Contemporary Artworks From Lehmann Maupin Find A New Home At The Peninsula New York

BY Rebecca Anne Proctor / Sep 23 2019 / 14:39 PM

The exhibition reflects The Peninsula Hotels’ global commitment to contemporary art and recalls its new multi-year global contemporary art programme called Art in Resonance

Contemporary Artworks From Lehmann Maupin Find A New Home At The Peninsula New York
Courtesy of The Peninsula New York
Catherine Opie’s haunting portraits in the upper lobby

A large tornado-like suspended sculpture made of 1200 cast resin piggybacked men dangles from the centre of the Peninsula New York’s lounge area. Made in acrylic, aluminium disc and stainless steel frame and cable, the work, Cause & Effect (2017) is by Korean artist Do Ho Suh.

At first glance the work seems out of place in the luxurious hotel replete with its subdued sleek furniture and glistening tableware. It’s one of the artist’s pieces of “fabric architecture” exploring the nature and meaning home.


A view of Do Ho Suh’s Cause & Effect  (2017) made in acrylic, aluminium disc and stainless steel frame and cable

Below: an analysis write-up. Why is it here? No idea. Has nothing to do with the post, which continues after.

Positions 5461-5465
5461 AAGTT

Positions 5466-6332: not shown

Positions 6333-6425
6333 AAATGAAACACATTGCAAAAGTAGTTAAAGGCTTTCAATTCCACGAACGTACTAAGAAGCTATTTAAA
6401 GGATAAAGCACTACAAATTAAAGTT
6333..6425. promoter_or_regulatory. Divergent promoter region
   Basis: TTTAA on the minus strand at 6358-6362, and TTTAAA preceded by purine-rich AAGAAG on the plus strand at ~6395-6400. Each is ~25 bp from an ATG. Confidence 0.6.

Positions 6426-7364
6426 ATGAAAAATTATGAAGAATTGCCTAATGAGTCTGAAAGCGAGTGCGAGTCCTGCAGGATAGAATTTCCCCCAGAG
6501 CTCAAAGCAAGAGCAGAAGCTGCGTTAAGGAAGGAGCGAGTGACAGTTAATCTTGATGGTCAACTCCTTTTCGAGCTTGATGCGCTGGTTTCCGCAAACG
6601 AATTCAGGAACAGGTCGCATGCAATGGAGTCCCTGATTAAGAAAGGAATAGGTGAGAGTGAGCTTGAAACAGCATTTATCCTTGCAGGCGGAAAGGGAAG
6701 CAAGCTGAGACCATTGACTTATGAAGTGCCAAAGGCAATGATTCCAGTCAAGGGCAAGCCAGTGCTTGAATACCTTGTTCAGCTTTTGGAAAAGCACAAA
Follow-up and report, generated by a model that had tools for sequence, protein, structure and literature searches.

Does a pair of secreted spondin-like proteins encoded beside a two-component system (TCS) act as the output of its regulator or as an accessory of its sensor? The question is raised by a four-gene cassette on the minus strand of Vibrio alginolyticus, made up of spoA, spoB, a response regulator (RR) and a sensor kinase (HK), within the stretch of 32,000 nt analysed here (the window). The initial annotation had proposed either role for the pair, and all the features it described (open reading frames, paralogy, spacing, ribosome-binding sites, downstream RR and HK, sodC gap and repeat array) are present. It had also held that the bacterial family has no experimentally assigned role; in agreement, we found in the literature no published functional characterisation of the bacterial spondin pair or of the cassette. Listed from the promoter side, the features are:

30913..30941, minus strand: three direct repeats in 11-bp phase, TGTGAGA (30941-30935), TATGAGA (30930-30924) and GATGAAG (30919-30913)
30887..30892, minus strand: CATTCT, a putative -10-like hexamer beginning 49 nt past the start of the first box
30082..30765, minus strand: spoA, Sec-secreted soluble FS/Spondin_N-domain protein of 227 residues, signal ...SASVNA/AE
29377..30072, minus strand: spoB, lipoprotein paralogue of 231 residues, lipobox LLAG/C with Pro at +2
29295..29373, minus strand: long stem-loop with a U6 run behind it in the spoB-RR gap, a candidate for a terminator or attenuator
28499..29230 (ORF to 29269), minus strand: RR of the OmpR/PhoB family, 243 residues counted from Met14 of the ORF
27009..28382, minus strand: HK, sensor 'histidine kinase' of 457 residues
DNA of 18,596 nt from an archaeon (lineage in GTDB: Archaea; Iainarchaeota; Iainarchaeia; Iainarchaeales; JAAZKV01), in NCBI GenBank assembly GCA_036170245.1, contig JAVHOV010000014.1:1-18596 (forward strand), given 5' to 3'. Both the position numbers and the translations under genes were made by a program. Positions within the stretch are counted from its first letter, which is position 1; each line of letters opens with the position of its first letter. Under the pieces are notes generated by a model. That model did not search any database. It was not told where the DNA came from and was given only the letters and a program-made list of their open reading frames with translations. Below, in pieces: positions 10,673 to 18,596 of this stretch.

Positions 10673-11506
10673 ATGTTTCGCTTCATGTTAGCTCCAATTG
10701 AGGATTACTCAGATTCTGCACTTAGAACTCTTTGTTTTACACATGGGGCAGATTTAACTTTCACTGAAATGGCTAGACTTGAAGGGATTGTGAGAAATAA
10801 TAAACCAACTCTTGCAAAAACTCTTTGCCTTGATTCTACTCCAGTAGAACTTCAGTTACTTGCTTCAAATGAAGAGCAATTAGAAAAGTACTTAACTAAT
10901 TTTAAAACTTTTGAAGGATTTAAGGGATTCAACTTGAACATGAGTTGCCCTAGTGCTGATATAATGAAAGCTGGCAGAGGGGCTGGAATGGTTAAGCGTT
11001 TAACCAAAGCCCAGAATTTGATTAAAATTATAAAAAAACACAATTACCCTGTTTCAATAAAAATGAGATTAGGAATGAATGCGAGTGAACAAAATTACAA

Courtesy of The Peninsula New York

The work joined others this summer in the hotel’s Home exhibition in which it collaborated with private collectors and Lehmann Maupin gallery to stage a display throughout its public areas exploring the nature and notion of home and community.

Each work offers a welcome surprise and a feeling of calm to each space. Near the elevators there’s another work by Do Ho Suh made with pale green polyster fabric and stainless steel representing the frame of a small abode and recalling the artist’s own experience of arriving to the US and his perception of his new space.


A view of Ashley Bickerton’s The Edge of Things (1993)

Courtesy of The Peninsula New York

Upon entering the hotel guests are greeted with Ashley Bickerton’s The Edge of Things (1993) made after the artist relocated from New York to Bali. In the upper lobby, across from the front desk are paintings by Puerto Rican-born Angel Otero known for his multi-layered expressionistic compositions.

Catherine Opie’s haunting portraits also greet us in the upper lobby and make us stop and pause for a moment and question if the hotel isn’t another home. It could be. Bringing art into the public space offers new ways for guests to respond to the space as well as each other.  peninsula.com/newyork

From the Fall issue of Harper's Bazaar Interiors 2019.


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